The final madrasa to be built and the centrepiece of Samarkand’s famous square is the Tilla Kari. When the Bibi Khanym Mosque started to deteriorate this was built as a combined mosque and madrasa. The outside with its bright blue domes is beautiful of course, but the inside is well worth a visit as the mosque’s dome has a stunning golden ceiling.

As if seeing some of Uzbekistan’s most fabulous buildings wasn’t enough, our last meal of the tour that evening consisted of the country’s national dish Plov, cooked by a family in their home. The owner was previously a tour driver who often invited other guides and drivers to his home for Plov when they were in Samarkand and he was eventually persuaded to start cooking it for a small number of foreign visitors. There were just a couple of tables set up in the courtyard when we arrived.

Plov is a rice-based dish that is traditionally cooked outdoors in a large dish known as a kazan. The meat is cooked at the bottom with layers of carrot, onion and then rice as well as various spices, garlic and sometimes eggs. All the ingredients were laid out on a table for us to take a look at as well as the steaming kazan pot.

The vegetarian option was to just have the top layers from the pot, so probably not one for strict veggies but I didn’t mind and it tasted delicious! An excellent way to spend our last evening with our lovely tour group and our guide Umid.

The following morning, our last day in Uzbekistan started with a visit to yet another stunning location, the Shah-i Zinda necropolis with its gorgeous collection of blue and turquoise tiled tombs. The name translates to ‘Living King’ referring to Samarkand’s patron saint Kusam ibn Abbas as one of the mausoleums is dedicated to him. The tombs are so tightly packed that it’s a hard place to photograph, so definitely one that you’ll need to go and see for yourself to really appreciate how beautiful it is.

A little further out of the centre is more evidence of Ulug Beg’s interest in all things science. The Ulug Beg  Observatory was the world’s largest when it was built and was the site of some very important work, evidenced by the discovery of a quadrant arc that was used to chart the progress of celestial bodies. The observatory’s museum explains that Samarkand’s astronomers used it to produce a catalogue of stars which was widely used around the world. The arc is underground but you can peer down and see the tiny niches that enabled precise calculations. Its accuracy wasn’t beaten until the invention of the computer.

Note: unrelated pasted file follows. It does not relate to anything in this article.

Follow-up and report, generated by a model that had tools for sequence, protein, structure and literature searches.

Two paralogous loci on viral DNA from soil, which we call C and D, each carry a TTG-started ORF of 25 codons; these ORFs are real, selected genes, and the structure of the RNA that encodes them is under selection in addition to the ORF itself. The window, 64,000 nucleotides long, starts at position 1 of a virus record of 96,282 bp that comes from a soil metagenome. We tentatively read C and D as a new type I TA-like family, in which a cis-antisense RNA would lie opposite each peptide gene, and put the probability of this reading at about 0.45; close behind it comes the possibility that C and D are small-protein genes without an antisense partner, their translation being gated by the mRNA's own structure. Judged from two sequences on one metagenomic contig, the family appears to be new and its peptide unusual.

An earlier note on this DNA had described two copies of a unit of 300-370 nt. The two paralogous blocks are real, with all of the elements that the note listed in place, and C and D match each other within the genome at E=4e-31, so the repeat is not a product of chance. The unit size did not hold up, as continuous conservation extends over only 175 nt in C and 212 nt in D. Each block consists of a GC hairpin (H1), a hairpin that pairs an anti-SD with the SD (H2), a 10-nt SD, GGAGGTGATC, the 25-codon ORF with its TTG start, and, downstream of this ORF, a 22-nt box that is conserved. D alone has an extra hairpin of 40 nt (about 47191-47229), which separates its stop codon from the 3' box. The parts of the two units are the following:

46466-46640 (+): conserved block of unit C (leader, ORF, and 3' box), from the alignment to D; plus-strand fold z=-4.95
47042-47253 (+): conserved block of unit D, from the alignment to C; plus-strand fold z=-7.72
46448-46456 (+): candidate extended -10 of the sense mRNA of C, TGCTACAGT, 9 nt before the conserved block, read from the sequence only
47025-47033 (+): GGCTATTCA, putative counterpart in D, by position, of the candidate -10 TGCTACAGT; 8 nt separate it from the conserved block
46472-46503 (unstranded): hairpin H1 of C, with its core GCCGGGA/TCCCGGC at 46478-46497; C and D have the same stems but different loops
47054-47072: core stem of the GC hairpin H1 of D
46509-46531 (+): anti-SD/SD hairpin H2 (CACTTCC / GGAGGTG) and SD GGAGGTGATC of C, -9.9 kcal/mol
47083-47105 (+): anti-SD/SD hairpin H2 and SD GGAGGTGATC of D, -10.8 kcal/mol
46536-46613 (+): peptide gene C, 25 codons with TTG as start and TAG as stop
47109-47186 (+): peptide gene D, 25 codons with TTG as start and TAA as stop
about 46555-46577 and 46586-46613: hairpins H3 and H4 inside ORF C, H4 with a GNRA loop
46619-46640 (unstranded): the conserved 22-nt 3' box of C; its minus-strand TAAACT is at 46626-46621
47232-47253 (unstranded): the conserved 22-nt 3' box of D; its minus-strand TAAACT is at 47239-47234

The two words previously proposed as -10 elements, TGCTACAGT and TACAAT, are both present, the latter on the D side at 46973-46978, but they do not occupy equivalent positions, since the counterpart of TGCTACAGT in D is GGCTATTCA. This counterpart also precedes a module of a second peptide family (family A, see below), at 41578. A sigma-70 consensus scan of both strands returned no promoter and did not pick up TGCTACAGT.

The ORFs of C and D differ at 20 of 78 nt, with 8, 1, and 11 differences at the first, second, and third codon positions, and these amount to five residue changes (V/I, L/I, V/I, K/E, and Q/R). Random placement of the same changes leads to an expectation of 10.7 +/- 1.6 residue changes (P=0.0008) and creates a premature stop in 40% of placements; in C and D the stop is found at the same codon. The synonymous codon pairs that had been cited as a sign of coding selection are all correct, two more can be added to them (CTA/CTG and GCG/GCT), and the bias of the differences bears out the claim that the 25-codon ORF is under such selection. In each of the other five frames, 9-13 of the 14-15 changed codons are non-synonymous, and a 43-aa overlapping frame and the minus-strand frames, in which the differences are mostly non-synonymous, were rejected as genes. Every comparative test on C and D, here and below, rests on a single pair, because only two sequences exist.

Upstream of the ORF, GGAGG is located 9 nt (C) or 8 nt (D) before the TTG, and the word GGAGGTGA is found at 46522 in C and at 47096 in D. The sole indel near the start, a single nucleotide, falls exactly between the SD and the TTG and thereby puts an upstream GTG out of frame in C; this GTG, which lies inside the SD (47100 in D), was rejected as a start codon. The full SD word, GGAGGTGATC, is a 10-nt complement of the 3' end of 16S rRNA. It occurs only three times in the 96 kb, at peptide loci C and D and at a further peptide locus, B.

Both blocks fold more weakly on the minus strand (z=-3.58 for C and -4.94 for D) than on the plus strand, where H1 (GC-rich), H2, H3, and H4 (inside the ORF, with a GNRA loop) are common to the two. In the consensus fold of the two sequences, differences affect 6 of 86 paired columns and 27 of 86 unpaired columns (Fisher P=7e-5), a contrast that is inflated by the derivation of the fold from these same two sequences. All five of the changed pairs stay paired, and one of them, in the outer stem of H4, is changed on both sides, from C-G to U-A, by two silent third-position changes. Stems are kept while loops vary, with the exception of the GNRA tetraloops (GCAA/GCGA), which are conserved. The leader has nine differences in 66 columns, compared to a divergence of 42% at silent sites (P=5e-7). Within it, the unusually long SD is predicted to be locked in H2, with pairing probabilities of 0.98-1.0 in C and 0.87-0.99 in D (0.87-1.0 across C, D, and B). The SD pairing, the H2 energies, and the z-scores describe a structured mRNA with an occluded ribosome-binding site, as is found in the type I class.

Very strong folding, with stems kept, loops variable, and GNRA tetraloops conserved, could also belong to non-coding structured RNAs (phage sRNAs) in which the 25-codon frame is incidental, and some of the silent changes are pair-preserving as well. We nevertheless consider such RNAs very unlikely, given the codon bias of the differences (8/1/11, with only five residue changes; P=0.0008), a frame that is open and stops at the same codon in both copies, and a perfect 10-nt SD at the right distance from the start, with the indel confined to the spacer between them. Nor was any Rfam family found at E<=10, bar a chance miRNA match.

On route to lunch, we popped into a paper mill to be shown every stage of one of Uzbekistan’s traditional crafts in progress. It’s not uncommon to be taken to places like this on a tour and of course there was a shop with some lovely handmade products, but the mill was in a lovely setting and there was really no pressure to buy.

Then it was time for a final lunch with the group before some of us headed back to the capital city Tashkent to start our journey home, and others continued their Central Asia adventures in other ‘Stans. And of course, Umid made it a special one, taking us to Zargaron, which is probably one of Samarkand’s fanciest restaurants and has a fabulous view of the blue domes of the Bibi-Khanym Mosque.

The food was excellent and it was a great place to reflect not only on our time in stunning Samarkand, but on all of the fabulous places we visited in Uzbekistan. The trip was a long time coming after two years of pandemic delays but it was most definitely well worth the wait.

Click on an image below to scroll through a few more photos in the gallery and visit the Uzbekistan section of my blog for more posts about my trip.